I would also suggest that we could start breaking it out by Eastern, Western, and Northern Germanic as we to with Slavic. That would allow us to alphabetize and keep similar forms together. —JohnC5 05:24, 14 November 2016 (UTC)
I don't have terribly strong feelings about it, but I don't think we need to put English at the top of the list just because this is en-wikt. I'd separate East Germanic, North Germanic, and West Germanic (in alphabetical order), and then alphabetize by main language name (Old Dutch, Old English, Old Frisian, Old High German, Old Saxon and so on) within each group. —Aɴɢʀ (talk) 08:46, 14 November 2016 (UTC)
Angr's proposal represents my preferred layout. —JohnC5 15:29, 14 November 2016 (UTC)
I also like that idea, especially adopting the Slavic sorting system. Does leave me wondering what would be done with Frankish and Proto-Norse in terms of alphabetic position in those rare entries that do feature those languages. — Kleio (t · c) 15:50, 14 November 2016 (UTC)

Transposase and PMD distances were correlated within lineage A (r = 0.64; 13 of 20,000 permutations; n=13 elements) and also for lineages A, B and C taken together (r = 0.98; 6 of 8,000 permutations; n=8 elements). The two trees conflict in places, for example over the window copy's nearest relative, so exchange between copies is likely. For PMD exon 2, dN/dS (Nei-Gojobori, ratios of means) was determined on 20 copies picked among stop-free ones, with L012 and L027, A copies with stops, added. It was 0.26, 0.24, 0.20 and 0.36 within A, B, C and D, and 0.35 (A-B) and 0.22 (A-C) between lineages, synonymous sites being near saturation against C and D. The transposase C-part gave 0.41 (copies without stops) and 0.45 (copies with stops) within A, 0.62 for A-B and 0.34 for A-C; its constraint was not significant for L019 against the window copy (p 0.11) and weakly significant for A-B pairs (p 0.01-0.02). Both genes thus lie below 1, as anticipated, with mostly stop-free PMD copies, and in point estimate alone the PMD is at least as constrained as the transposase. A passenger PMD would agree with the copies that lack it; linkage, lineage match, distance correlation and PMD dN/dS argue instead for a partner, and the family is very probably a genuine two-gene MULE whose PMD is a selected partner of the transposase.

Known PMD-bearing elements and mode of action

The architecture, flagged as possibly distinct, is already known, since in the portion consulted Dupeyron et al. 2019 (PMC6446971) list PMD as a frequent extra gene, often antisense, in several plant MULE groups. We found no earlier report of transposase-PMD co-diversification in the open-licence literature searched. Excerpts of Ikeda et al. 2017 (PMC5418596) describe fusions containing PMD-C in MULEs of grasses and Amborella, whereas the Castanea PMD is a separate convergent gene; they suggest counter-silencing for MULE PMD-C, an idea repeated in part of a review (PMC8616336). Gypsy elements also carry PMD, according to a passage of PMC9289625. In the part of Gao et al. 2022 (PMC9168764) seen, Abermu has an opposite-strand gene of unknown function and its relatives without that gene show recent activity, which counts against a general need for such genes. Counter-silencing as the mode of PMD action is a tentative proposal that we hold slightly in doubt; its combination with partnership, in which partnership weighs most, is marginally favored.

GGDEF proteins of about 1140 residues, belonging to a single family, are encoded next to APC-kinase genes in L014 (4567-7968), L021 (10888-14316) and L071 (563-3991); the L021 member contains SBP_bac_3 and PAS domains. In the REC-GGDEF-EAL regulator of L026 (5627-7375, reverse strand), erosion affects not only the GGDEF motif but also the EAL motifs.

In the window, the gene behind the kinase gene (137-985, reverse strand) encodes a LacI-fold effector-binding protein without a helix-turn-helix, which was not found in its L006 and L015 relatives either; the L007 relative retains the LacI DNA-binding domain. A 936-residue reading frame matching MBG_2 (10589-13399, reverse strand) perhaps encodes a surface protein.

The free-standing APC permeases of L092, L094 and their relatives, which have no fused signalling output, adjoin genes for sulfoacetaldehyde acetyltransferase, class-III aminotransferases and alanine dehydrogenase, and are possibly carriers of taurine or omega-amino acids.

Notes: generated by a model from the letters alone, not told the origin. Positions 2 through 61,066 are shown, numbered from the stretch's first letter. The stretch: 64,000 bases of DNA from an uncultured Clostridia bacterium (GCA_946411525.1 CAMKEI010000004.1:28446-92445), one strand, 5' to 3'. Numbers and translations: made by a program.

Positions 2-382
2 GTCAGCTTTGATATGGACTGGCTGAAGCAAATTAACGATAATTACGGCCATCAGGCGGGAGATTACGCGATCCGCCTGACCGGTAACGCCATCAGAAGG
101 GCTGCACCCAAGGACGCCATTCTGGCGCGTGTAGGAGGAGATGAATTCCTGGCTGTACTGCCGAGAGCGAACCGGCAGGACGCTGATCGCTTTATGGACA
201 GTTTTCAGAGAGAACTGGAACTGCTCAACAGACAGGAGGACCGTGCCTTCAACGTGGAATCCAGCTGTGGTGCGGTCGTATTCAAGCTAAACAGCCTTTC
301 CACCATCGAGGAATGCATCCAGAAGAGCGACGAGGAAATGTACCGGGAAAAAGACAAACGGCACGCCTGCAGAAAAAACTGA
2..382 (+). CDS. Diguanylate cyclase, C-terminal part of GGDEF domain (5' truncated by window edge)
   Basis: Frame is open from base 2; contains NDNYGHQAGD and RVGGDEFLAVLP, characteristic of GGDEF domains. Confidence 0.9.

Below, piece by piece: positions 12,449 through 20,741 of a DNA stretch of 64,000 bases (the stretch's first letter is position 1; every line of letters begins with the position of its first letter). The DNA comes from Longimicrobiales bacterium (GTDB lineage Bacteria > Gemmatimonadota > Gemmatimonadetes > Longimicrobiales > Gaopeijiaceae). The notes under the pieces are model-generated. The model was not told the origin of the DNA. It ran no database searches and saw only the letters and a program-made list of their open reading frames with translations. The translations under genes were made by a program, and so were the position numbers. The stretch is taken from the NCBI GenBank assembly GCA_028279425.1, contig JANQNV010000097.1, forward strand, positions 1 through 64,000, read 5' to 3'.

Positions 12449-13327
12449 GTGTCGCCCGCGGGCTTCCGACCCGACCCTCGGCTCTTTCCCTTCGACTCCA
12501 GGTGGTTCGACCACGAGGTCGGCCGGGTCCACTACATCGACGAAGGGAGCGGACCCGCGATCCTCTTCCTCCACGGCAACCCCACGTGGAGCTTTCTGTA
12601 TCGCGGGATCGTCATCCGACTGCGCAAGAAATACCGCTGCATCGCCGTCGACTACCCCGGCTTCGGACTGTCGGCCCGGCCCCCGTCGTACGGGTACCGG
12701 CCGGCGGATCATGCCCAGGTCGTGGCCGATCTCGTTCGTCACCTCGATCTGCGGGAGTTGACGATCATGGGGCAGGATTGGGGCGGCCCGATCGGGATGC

Frankish and Proto-Norse (to keep it with Old Norse). —Aɴɢʀ (talk) 16:01, 14 November 2016 (UTC)
:::::::::Well, I'd still prefer to see English and Frisian grouped together, so maybe 1). An East, North, West Division, then 2). A subdivision in North (East & West) and in West (Anglo-Frisian-Saxon, Dutch, German-Yiddish) then alphabetised ? Like so:
  • East:
    • Gothic
  • North:
    • East:
      • Danish
      • Gutnish
      • Norwegian Bokmål
      • Swedish
      • Westrobothnian
    • West:
      • Faroese
      • Icelandic
      • Norn
      • Norwegian NyNorsk
  • West
    • Ingvaeonic
      • Anglo-Frisian